Younger employees are more willing to reduce or eliminate a traditional health benefit to cover the cost of a wellness benefit compared to their older counterparts, according to new research by Accompass Inc.
The research, which surveyed 1,623 employees and 183 employers, found 45 per cent of generation Z employees (ages 18 to 24) and 41 per cent of millennials (ages 25 to 34) would make the trade-off compared to 37 per cent of generation X employees (ages 35 to 54) and 25 per cent of baby boomers (ages 55 and over).
Health-care spending accounts (27 per cent), life or disability insurance (20 per cent), paramedical benefits (20 per cent) and vision care (17 per cent) were the top traditional benefits that employee respondents would trade for a wellness benefit.
There’s a greater appreciation among Canadian employees for wellness programs and their use as preventative measures for health issues, notes Sarah Beech, president at Accompass. She says employees continue to seek more benefits and programs around health and well-being, such as employee engagement programs and wellness challenges.
Employers are in tune with this demand and 90 per cent of those surveyed said they believe wellness benefits prevent or manage chronic illness and reduce costs.
Employees and employers generally agreed on the value of certain wellness benefits but their ranking of each benefit’s importance differed slightly, according to the report. Both groups ranked gym or subsidized gym membership and financial planning resources as their top wellness benefits but diverged in employees’ preference for subsidized healthy foods and employers’ preference for implementing onsite health assessments.
“The mechanics of providing healthy food at work is likely one factor in the low potential uptake by employers,” noted the report. But as the research found, employees, especially younger ones, value benefits that make life more convenient.
In fact, when asked how they would improve their benefits plan, 25 per cent of employees chose an easier claims process, just behind higher coverage limits, cited by 30 per cent. Some 24 per cent said new types of coverage and the same percentage said more flexibility. But among generation Z respondents, 35 per cent chose an easier claims process as their top improvement.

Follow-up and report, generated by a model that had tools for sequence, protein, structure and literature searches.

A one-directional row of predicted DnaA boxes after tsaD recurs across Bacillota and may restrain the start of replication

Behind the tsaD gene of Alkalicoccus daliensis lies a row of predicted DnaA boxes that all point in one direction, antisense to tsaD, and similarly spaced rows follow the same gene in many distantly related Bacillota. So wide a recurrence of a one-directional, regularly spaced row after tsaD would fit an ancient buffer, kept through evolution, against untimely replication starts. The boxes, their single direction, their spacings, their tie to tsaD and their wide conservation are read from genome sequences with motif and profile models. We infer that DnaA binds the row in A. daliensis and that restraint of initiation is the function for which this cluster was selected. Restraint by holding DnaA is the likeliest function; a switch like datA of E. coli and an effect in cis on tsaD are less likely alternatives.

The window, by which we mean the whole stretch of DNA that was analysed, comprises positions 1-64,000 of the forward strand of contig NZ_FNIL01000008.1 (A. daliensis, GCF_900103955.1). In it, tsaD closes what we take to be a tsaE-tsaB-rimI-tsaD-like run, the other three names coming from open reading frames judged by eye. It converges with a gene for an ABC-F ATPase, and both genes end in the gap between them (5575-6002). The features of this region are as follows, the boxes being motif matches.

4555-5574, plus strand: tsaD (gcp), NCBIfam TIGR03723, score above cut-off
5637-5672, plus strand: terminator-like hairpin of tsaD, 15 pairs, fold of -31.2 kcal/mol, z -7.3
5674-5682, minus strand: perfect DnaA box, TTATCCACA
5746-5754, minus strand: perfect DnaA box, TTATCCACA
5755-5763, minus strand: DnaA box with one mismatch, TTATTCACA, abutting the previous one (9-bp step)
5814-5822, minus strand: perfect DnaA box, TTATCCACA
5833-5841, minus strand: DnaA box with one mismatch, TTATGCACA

In regards to traditional health benefits, the research found employees continue to value dental and prescription drug coverage the most. It also suggested employers that provide more coverage for chronic conditions may have a competitive advantage over those who don’t provide coverage. Fewer than half (42.5 per cent) of employee respondents with a benefits plan are taking medication for a chronic illness compared to 26 per cent of those without a plan.
The higher prevalence of chronic illnesses is inevitable with an aging workforce and it’s common for Canadians to have more than one chronic illness, says Beech. This ties back to the value of the benefits plan, she says, and by providing coverage, employers can ensure their employees function normally despite their health conditions.
Younger people also appreciate the coverage for chronic illnesses because they’ve witnessed their parents use their benefits plan to manage them, says Beech. “So there’s a greater appreciation than we might have seen 30 years ago.”
The research also found that while 50 per cent of employers said they offer benefits because they care about the welfare of employees, 40 per cent cited the need to stay competitive with other organizations.
And while this might seem logical, Beech cautions plan sponsors to refrain from shaping their benefits plan based on other organizations’ benefits framework. “Lots of times, plan sponsors make assumptions based on their competitors. We believe the future is more what’s right for your organization and what your people want.”